It’s that time of year when it is good to look back at finances of the last 12 months and plan cashflow and finances for the year ahead. But no matter how well you plan, there are times in which cash may be tight.
Some of this may be in a farmer’s control, such as productivity and managing costs and efficiency, but often it is out of a farmer’s control, such a commodity price fall or poor weather affecting performance.
Some of the warning signs that cash might be tight are when the milk cheque is spent before it is lodged
If the farm had a good year this year, a reserve can be built for necessary on-farm improvements. If the year has not been so good, money must be managed to ensure all essential bills are paid.
Some of the warning signs that cash might be tight are when the milk cheque is spent before it is lodged, the bank overdraft is increasing or the balance in the co-op or merchant account is increasing.
If this is the case, it is best to try get to the root of the problem because a shortage of cash is a symptom, not the underlying cause. Firstly, it is important to identify if it is a short-term problem caused by a product price collapse (such as low beef prices) or the volume or cost of inputs rising – such as buying extra fodder or rising meal prices.
The summer of 2018 was unique and put pressure on cashflow, but it was a once-off. In most cases, the underlying business is essentially sound and will recover when conditions improve. But access to additional cash may be needed to tide the business over in the short term.
One of the most important things to do once you understand the reason why money is tight
However, it is important to identify if there is longer term cashflow problem, for example if cash is always tight, or if the farm has below average profitability. This may be because of below optimum output or yields, or farm expenses which are above the norm, or there is not enough cash being generated to provide for living expenses.
One of the most important things to do once you understand the reason why money is tight (because of a long-term or short-term issue) is to match the timing of cash outflows to periods of cash surplus.
If there are short-term credit options available such as bank overdrafts or merchant credit, these can be used. Remember, some forms of credit can be very expensive, such as merchant credit. Banks in general are the cheapest source, as it is their business to lend money.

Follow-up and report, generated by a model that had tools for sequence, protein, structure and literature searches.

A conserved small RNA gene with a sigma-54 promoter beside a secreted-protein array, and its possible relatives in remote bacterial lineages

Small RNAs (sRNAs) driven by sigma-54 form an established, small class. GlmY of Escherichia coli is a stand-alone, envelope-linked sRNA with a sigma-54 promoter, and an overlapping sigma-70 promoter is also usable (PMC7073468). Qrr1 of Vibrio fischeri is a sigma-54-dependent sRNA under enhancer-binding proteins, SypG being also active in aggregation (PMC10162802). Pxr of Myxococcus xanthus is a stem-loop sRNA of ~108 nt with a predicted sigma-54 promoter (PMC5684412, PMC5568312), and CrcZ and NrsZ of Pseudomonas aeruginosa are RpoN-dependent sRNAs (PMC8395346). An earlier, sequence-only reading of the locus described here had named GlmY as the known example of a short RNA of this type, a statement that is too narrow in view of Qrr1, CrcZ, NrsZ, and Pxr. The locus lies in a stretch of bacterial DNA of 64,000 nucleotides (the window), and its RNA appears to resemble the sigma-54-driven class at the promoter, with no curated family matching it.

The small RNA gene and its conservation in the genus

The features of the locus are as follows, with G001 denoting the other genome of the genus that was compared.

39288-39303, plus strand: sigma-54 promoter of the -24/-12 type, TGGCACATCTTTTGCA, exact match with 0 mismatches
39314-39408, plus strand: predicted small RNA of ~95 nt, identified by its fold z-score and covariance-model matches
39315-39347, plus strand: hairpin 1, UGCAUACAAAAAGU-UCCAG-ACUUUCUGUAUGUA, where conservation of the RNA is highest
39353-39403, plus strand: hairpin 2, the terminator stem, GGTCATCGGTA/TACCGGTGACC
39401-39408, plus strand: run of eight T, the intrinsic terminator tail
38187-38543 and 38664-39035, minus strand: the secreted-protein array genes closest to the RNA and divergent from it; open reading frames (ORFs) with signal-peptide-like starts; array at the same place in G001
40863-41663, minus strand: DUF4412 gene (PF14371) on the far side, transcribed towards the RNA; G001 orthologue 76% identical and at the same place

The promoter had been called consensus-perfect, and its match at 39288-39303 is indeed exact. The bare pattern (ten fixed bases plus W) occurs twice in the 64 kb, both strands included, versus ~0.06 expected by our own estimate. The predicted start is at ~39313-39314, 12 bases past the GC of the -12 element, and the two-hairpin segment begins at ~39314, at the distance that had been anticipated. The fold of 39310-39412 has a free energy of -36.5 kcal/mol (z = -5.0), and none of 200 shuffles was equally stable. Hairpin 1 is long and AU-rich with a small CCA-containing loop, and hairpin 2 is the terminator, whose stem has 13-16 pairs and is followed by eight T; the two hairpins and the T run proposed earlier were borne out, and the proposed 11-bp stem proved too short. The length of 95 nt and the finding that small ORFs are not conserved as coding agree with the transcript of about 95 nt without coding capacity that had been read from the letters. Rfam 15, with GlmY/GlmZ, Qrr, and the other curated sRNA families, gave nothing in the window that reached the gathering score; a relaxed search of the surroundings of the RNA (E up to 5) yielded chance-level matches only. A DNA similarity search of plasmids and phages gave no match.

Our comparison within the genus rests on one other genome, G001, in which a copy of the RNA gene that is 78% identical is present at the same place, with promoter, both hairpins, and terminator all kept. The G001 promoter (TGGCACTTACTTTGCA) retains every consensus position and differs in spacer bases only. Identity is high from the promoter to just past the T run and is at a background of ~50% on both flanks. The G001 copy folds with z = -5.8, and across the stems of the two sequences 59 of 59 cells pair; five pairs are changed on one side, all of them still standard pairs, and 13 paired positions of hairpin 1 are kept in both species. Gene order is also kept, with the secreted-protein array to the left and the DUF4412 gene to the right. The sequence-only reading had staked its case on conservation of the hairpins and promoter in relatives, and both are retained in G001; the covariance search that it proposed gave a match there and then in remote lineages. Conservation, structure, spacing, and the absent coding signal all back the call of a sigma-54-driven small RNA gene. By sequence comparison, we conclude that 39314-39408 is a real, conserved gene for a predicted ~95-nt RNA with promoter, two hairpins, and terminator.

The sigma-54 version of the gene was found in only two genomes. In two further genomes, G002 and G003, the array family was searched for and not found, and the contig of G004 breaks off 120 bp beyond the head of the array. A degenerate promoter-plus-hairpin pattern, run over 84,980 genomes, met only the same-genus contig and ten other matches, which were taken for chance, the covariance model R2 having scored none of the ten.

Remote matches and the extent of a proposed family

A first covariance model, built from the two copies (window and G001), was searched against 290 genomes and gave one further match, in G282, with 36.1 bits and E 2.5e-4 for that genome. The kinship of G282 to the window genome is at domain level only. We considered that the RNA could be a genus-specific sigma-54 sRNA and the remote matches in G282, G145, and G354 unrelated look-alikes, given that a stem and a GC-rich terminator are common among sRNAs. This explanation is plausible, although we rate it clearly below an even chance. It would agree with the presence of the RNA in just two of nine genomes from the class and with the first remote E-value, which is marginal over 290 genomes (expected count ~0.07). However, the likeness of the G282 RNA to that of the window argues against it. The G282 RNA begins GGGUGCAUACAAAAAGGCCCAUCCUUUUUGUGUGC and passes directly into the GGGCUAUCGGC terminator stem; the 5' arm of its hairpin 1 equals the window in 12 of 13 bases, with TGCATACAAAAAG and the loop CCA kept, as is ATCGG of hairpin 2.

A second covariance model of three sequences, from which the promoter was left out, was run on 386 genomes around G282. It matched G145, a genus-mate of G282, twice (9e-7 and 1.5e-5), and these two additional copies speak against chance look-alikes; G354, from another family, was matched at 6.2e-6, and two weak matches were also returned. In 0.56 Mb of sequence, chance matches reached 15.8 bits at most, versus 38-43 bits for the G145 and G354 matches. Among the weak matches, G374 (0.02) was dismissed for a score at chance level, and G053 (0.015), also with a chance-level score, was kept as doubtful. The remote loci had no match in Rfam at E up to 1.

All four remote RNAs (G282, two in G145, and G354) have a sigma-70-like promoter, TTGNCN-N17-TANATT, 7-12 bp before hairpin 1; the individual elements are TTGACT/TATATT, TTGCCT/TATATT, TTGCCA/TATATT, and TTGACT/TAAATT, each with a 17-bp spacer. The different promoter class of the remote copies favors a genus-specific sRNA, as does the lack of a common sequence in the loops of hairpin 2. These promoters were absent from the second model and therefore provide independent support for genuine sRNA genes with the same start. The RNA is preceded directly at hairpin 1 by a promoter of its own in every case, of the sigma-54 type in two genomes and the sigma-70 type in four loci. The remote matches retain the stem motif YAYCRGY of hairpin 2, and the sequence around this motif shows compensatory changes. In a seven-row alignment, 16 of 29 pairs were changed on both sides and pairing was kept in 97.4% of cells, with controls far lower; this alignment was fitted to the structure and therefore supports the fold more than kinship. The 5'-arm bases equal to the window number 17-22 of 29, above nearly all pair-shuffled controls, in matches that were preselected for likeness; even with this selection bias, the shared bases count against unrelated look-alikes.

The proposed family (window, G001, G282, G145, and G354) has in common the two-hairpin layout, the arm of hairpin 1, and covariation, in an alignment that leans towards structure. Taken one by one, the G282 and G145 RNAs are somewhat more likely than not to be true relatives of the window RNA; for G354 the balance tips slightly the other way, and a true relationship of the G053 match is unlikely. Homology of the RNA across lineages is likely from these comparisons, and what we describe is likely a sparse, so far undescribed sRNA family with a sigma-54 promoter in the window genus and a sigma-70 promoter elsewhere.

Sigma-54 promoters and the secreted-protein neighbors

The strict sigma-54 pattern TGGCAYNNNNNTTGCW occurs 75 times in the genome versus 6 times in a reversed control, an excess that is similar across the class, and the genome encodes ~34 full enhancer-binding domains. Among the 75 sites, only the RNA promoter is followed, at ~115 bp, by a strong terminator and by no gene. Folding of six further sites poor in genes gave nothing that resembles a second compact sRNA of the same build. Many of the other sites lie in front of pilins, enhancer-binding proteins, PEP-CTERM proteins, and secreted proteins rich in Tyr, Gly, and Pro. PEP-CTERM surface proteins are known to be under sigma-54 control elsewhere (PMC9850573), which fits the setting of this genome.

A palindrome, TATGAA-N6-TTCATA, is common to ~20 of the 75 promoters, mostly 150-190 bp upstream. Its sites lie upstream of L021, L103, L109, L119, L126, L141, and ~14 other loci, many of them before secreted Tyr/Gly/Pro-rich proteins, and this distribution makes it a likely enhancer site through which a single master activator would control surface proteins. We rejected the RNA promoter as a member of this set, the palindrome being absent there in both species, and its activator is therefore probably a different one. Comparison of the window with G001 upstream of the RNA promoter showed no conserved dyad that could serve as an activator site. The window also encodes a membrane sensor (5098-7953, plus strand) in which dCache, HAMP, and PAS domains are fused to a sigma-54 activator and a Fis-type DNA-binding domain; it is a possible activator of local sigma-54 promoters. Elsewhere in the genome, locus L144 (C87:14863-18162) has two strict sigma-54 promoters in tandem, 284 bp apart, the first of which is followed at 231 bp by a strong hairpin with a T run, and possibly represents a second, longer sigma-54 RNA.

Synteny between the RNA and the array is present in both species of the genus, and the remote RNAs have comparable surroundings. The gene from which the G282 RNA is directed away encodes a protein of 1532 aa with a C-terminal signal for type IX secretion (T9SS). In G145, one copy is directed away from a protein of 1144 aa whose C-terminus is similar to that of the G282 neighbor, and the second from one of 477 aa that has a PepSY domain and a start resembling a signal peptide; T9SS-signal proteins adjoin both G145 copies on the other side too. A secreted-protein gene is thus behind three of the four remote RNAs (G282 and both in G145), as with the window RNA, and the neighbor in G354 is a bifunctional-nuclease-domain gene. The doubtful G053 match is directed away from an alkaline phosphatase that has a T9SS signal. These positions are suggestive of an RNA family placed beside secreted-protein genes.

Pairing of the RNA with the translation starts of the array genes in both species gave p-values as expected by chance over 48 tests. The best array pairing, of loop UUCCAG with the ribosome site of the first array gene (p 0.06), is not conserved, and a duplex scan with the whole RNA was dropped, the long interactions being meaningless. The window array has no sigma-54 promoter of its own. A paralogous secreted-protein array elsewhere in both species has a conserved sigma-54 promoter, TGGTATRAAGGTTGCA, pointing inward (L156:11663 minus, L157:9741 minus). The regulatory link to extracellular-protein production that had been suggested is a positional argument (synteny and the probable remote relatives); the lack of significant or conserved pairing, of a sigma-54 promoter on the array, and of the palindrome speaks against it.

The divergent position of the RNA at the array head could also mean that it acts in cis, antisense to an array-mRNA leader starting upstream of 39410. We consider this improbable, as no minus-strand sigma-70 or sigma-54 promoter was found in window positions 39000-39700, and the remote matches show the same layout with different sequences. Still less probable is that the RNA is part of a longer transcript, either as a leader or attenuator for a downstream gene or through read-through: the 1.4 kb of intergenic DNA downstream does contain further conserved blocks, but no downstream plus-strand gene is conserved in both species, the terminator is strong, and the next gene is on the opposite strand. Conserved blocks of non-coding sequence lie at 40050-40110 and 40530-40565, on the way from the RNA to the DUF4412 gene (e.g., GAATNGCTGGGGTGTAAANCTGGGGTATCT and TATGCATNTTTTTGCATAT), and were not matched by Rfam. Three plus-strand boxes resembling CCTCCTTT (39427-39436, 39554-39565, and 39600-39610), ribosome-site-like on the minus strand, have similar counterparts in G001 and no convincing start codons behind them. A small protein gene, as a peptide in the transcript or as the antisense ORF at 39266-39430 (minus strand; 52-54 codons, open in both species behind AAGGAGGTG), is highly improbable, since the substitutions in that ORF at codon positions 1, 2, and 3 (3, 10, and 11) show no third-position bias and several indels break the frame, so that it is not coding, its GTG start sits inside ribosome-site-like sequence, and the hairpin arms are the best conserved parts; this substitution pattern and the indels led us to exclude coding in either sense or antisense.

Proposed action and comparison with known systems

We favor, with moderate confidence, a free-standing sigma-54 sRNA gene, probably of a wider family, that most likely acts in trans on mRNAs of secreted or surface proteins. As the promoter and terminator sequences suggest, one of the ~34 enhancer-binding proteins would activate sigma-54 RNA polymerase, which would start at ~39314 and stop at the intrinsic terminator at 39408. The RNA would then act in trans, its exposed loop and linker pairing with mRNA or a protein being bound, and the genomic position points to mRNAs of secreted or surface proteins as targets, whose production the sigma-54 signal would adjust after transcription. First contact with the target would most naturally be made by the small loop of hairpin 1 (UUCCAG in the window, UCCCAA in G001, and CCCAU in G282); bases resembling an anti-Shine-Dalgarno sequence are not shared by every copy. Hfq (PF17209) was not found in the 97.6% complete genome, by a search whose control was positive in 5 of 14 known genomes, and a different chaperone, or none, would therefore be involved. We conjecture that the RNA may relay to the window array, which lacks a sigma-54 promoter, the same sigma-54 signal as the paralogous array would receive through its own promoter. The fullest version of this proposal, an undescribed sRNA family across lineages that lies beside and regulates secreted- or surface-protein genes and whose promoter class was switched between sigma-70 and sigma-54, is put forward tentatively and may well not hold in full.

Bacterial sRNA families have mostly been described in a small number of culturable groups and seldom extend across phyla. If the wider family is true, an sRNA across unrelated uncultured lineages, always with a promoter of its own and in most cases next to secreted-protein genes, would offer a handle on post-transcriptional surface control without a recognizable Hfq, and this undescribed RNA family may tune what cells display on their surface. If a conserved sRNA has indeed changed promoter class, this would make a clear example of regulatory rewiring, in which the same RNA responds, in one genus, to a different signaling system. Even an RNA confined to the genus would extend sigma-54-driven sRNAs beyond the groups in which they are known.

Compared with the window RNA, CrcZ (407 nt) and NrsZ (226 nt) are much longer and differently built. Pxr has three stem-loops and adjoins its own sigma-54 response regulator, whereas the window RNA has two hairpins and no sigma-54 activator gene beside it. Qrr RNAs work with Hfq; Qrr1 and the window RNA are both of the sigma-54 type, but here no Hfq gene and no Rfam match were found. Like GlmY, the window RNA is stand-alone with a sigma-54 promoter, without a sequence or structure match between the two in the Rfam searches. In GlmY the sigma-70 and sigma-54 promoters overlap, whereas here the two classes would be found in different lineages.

The main priority is to minimise all non-essential spending until cash income improves
If there is a problem managing debt, it is important to recognise it early and contact your lender to see what solution can be found. The main priority is to minimise all non-essential spending until cash income improves.
On the other hand, extra cash could be added to the budget. For example, can some stock be sold or what about selling some surplus breeding stock? Sales could be brought forward or purchases could be deferred. Examine loan repayments and make sure they are happening at the right time to match cash inflows.
In more extreme cases where the above items have been explored, it may be worthwhile to release equity in long-term assets such as land, machinery or buildings to refinance these if the need arises. Payments can be scheduled over several years instead of being all due in one year.
This could cut payments by significant amounts if they are not structured correctly
On this, it is always important to structure bank loans over an appropriate time.
It also might be worthwhile looking at lengthening the repayment period on term loans. This could cut payments by significant amounts if they are not structured correctly. Of course, more interest is paid in the long run.
Finally, it is important to look at non-farm spending and to try and decrease these where possible. Postpone investments in vehicles and non-essential assets.
No matter what; there are plenty of options if it is found the farm is running out of cash.
The important thing is to identify the problem early, talk to your bank or financial adviser and work on a plan for the coming months.